Colorado State University launches online primer for backyard goat farmers

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City of Fort Collins residents are interested in local food production. Really local. As in, their backyards.

In response, the Fort Collins City Council on July 16 adopted revisions to an ordinance governing urban agriculture, tweaking language related to beekeeping and ownership of backyard ducks and chickens. For the first time, the ordinance also allows city dwellers to raise goats as pets or for milk or fiber production.

In an effort to promote best practices in health and husbandry, the Colorado State University Veterinary Extension team has published a nine-page booklet, titled “Healthy Living with Goats: An Overview of Health Issues for the Backyard Farmer.” It is available online for free reading and downloading at

The booklet, written by CSU veterinarians Ragan Adams and David Van Metre, is meant to help backyard farmers understand the risks and responsibilities of raising goats.

The CSU booklet and a publication called the “Goat Resource Handbook,” published by The Ohio State University Extension, are the primary references on which a test required for city of Fort Collins goat ownership is based.

“We are pleased to work closely with the Fort Collins city staff and with the Larimer Humane Society to promote sound husbandry and animal-welfare practices that ensure good health for backyard goats, their owners, and neighbors,” said Adams, coordinator of the CSU Veterinary Extension team.

“We hope to help people understand what they’re getting into before they decide to acquire backyard goats,” Adams said. “People interested in urban agriculture need reliable, science-based information to avoid animal and human health concerns, neighborhood nuisance problems and creation of an unwanted goat population.”

“Healthy Living with Goats” provides unbiased information and includes references to a number of other research-based publications. Among other important issues, the booklet notes:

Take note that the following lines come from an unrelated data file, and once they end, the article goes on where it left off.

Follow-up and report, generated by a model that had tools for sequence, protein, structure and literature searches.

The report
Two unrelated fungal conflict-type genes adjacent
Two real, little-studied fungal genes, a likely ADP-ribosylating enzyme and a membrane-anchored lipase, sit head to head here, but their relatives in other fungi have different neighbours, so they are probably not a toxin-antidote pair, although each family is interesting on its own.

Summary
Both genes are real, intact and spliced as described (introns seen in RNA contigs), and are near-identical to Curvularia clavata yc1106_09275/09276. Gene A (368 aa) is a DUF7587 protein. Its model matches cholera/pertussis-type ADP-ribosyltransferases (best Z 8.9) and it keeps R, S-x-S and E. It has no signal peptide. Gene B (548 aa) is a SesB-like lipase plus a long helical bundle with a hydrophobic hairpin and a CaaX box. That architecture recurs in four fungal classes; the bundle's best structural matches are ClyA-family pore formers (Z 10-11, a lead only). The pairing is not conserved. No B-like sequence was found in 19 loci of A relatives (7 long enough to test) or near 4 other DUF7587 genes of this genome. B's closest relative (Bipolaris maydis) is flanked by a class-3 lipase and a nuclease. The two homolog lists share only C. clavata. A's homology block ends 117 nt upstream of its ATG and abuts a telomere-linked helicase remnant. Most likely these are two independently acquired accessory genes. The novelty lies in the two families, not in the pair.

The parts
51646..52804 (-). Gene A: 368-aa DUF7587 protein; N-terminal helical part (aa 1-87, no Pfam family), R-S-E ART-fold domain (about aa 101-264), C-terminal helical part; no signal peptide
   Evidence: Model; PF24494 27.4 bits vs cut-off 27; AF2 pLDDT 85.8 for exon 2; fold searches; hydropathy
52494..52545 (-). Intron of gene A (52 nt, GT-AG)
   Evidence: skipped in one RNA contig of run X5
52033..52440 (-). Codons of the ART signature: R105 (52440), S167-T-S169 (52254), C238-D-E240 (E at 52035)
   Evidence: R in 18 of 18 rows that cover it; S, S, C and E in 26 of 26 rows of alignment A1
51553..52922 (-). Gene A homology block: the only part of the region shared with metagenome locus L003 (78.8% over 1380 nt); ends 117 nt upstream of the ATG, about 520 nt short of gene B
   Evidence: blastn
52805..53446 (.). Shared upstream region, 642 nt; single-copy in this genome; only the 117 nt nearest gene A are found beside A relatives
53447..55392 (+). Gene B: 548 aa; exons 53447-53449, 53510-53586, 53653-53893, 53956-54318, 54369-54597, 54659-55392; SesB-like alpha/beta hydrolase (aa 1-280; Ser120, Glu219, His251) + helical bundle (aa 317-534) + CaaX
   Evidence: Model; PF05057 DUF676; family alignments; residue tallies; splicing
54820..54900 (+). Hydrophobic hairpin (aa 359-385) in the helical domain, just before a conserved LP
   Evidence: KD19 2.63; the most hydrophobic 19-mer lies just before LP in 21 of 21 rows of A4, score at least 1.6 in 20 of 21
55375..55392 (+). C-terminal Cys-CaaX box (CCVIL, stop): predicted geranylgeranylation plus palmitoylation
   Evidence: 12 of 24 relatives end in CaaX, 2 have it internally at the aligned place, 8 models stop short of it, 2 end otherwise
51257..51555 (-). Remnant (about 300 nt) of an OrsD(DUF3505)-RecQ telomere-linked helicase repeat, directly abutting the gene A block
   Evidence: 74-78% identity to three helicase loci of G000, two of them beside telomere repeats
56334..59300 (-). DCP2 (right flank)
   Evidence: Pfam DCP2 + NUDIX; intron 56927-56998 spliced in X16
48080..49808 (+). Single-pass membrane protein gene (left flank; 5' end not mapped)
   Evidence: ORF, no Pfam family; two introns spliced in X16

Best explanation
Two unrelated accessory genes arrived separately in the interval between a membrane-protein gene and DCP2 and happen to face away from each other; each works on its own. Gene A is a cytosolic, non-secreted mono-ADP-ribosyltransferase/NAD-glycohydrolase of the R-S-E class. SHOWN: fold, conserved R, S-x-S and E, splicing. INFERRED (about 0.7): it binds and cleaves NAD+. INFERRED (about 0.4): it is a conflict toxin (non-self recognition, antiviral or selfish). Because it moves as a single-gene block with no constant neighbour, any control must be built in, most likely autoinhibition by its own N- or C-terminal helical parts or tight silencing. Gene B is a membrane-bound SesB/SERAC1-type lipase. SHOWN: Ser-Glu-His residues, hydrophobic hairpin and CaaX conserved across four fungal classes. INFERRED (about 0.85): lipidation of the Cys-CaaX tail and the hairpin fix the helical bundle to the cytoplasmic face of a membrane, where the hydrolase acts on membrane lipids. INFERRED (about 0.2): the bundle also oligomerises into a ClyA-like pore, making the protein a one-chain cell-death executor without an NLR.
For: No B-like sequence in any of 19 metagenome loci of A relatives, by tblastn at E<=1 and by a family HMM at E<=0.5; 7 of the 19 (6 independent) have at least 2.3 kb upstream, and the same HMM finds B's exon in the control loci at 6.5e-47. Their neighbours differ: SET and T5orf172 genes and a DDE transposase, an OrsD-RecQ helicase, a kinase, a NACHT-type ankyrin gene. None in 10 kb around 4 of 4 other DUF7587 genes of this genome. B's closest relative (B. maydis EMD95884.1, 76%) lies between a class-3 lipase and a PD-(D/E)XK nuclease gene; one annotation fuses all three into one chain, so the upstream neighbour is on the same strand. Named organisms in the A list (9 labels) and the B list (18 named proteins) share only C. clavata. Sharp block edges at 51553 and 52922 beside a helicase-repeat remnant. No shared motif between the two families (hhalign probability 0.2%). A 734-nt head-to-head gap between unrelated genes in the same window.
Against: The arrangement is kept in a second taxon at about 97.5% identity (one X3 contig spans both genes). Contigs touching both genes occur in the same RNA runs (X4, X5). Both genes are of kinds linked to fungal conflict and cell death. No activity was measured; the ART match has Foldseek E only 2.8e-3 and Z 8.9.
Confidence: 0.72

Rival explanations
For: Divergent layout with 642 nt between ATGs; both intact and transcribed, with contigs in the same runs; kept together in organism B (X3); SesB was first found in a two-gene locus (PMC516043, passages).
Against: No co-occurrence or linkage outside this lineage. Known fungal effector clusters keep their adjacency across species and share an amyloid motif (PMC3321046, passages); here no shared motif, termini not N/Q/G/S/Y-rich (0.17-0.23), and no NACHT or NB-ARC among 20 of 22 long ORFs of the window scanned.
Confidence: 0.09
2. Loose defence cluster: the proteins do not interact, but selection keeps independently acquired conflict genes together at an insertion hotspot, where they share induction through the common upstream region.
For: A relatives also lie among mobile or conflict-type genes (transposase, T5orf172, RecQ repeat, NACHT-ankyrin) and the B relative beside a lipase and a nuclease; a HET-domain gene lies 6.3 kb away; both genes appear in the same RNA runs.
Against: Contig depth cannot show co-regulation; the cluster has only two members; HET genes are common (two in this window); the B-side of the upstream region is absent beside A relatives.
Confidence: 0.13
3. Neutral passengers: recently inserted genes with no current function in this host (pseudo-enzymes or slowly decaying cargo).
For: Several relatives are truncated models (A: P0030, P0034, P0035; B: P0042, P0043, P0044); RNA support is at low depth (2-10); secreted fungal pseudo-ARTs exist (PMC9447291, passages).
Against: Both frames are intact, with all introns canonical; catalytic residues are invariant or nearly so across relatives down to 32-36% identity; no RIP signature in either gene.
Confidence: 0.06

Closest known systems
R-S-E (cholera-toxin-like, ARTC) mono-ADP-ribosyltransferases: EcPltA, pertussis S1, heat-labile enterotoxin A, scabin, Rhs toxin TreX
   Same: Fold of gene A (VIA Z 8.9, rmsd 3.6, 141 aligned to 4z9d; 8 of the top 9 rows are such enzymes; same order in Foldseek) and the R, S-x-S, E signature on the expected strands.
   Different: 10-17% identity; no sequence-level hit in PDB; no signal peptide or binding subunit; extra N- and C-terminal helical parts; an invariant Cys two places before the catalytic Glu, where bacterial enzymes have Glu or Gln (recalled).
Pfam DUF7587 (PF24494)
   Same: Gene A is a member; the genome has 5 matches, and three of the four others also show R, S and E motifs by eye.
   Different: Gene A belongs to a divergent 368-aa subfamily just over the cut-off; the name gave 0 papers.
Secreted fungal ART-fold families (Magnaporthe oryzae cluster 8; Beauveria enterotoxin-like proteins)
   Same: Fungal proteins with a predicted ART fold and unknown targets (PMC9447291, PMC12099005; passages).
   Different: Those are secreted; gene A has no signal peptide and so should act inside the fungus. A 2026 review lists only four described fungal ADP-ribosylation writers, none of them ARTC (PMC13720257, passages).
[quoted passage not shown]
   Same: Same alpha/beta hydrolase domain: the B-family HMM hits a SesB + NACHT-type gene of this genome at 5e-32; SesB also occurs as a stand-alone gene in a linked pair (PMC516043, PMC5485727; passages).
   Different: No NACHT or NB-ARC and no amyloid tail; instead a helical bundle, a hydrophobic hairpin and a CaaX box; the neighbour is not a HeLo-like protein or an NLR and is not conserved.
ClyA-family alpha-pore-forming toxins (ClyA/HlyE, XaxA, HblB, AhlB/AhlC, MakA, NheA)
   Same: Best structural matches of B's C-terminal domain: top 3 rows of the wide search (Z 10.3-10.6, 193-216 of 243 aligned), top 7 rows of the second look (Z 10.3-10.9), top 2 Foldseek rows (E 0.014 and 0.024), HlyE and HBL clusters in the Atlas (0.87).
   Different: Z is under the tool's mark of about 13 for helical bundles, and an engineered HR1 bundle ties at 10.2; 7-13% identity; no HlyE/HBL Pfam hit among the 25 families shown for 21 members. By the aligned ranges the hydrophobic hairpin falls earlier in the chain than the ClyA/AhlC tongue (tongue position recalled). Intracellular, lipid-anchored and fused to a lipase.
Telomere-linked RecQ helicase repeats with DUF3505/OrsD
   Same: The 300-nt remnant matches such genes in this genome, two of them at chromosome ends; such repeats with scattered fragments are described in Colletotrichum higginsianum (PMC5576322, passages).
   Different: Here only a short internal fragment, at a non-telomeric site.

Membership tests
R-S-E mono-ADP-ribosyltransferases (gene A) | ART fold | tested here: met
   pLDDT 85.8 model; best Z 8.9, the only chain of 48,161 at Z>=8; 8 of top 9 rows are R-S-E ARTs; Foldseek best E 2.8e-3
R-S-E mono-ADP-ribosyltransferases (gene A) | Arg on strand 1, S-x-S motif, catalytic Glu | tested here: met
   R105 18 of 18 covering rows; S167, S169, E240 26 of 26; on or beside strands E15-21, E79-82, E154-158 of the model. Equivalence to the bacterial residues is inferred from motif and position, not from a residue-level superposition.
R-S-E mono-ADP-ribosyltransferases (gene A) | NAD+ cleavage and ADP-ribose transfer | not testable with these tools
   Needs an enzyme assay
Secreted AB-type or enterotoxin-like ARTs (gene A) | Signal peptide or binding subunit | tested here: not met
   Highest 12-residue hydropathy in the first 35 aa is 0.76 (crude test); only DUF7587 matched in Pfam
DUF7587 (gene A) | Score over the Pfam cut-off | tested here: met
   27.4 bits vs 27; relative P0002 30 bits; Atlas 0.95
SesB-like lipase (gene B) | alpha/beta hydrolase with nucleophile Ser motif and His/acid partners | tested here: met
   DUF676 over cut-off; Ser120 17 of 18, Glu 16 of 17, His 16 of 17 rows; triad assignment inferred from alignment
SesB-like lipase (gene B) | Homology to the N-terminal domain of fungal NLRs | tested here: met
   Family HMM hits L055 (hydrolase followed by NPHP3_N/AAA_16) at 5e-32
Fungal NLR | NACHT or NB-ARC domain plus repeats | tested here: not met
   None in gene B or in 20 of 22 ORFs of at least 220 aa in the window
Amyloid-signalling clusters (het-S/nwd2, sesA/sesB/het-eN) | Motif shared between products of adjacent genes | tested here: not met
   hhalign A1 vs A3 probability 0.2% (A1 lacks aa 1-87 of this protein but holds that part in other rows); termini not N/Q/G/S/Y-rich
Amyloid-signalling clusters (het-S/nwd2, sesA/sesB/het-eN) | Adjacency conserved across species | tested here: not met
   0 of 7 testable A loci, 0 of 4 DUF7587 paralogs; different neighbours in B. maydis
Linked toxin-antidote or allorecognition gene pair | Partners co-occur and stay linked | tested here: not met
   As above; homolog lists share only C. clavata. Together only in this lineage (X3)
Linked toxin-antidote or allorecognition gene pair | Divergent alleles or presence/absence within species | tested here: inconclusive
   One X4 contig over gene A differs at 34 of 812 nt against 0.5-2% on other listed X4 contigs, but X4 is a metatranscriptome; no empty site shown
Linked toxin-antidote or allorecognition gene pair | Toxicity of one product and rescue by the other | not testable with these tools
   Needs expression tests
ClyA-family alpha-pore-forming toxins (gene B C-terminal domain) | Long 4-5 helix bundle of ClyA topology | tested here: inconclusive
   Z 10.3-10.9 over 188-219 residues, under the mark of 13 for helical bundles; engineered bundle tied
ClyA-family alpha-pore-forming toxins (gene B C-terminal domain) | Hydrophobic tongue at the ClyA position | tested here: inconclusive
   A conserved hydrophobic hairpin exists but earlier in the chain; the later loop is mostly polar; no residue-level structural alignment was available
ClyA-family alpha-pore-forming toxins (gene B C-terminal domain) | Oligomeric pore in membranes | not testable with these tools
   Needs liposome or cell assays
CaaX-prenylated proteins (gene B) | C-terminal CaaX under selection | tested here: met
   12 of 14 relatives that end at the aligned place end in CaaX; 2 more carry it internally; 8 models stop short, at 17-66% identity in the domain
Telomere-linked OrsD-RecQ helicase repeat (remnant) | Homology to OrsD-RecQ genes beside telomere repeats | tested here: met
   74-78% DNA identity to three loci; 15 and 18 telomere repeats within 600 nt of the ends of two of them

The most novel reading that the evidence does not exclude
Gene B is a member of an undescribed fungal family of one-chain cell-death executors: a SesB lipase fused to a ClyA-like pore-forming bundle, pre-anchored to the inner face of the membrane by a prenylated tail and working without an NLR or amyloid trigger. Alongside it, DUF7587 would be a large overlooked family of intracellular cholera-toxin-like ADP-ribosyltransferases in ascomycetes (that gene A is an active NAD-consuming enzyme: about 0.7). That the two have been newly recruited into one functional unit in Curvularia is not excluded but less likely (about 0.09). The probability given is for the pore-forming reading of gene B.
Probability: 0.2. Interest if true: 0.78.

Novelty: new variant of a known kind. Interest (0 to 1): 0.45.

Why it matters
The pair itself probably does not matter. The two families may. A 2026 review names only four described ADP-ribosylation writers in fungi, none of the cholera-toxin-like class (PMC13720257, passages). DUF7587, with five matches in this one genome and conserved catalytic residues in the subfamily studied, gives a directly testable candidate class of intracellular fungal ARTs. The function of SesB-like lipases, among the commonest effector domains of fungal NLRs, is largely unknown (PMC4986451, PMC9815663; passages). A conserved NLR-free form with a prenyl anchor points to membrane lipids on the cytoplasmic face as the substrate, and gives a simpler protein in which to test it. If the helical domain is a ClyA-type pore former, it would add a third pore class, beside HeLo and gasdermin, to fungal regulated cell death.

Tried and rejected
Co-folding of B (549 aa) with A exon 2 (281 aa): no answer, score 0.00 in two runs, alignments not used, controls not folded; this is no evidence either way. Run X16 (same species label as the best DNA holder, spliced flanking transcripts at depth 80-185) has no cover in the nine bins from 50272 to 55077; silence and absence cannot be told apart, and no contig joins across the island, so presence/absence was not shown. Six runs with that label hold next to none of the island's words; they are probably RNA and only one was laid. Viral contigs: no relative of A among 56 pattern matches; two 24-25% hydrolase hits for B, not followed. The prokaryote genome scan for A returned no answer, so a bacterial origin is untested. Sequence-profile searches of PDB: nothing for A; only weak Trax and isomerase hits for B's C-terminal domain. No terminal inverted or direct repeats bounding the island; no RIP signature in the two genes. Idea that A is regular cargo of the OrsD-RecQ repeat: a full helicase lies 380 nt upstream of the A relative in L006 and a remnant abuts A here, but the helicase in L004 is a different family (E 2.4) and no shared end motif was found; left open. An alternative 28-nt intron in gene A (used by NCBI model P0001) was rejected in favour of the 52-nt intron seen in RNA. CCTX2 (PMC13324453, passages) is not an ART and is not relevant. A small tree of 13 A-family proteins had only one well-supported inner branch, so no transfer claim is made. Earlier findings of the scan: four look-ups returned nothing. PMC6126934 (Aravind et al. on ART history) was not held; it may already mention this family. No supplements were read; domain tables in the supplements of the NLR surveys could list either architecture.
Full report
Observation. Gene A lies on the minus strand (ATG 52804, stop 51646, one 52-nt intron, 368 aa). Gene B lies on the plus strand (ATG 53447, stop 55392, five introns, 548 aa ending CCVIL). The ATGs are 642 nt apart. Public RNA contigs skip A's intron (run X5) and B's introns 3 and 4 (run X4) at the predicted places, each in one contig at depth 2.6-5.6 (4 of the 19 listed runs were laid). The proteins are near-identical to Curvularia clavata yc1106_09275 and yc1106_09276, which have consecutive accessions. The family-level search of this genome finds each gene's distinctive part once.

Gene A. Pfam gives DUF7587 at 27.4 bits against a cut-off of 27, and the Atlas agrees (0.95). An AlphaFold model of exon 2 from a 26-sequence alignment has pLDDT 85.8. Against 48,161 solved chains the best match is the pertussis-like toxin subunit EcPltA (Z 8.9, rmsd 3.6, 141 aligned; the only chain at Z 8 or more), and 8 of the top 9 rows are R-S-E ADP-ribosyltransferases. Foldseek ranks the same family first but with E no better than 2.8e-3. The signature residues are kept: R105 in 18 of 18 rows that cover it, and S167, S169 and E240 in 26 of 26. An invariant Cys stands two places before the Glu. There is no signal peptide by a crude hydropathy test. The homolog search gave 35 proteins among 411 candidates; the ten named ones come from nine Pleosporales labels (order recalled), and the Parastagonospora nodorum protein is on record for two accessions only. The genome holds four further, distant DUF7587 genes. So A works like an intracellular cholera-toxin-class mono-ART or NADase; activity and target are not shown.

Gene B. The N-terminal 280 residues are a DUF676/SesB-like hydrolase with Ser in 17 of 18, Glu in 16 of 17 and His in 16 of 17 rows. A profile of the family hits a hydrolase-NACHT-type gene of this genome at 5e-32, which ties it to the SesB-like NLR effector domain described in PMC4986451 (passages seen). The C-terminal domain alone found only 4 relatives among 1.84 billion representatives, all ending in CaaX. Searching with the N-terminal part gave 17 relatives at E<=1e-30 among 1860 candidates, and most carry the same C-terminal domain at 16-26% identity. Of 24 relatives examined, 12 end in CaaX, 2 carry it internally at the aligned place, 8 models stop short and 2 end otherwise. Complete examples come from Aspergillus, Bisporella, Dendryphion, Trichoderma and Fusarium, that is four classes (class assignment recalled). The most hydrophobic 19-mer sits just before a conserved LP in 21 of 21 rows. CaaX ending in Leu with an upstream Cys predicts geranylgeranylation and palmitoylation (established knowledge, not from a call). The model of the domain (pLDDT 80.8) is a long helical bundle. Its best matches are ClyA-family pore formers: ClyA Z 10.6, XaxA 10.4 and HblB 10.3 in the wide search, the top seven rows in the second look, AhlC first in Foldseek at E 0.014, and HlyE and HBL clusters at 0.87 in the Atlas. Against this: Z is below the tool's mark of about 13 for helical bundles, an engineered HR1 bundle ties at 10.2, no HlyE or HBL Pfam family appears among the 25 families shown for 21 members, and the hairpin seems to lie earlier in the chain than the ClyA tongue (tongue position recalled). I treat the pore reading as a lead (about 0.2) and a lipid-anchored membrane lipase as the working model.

• City of Fort Collins residents must receive permits from the Larimer Humane Society in order to raise goats;
• Permits are issued after residents have demonstrated knowledge of proper management, have proof of rabies vaccination, and have undergone site inspections, providing goat housing according to ordinance specifications;
• Only female or castrated male goats will be permitted in city limits;
• The goats must be kept in pairs, and they must be either Nigerian Dwarf or African Pygmy breeds.

The booklet also offers a critical reality check for city dwellers who want to own goats for milk production: Like any other mammal, female goats must give birth to produce milk. That means Fort Collins goat farmers must be prepared to find homes for babies or adult goats over the strict backyard population limit of two.

Moreover, females managed for milking will produce for several consecutive months. As the CSU primer notes, milking “takes a lot of time and daily, consistent effort.”

The pamphlet also provides information about veterinary concerns, including zoonotic diseases, or those that can be passed from animals to humans and vice versa.

“Our booklet gives Fort Collins residents an overview of health and management issues that will help them determine whether they are interested in the complexities of backyard goat farming,” Adams said. “I hope it paves the way for urban farming that is healthful and rewarding.”

City of Fort Collins Ordinance No. 097, 2013, is available online at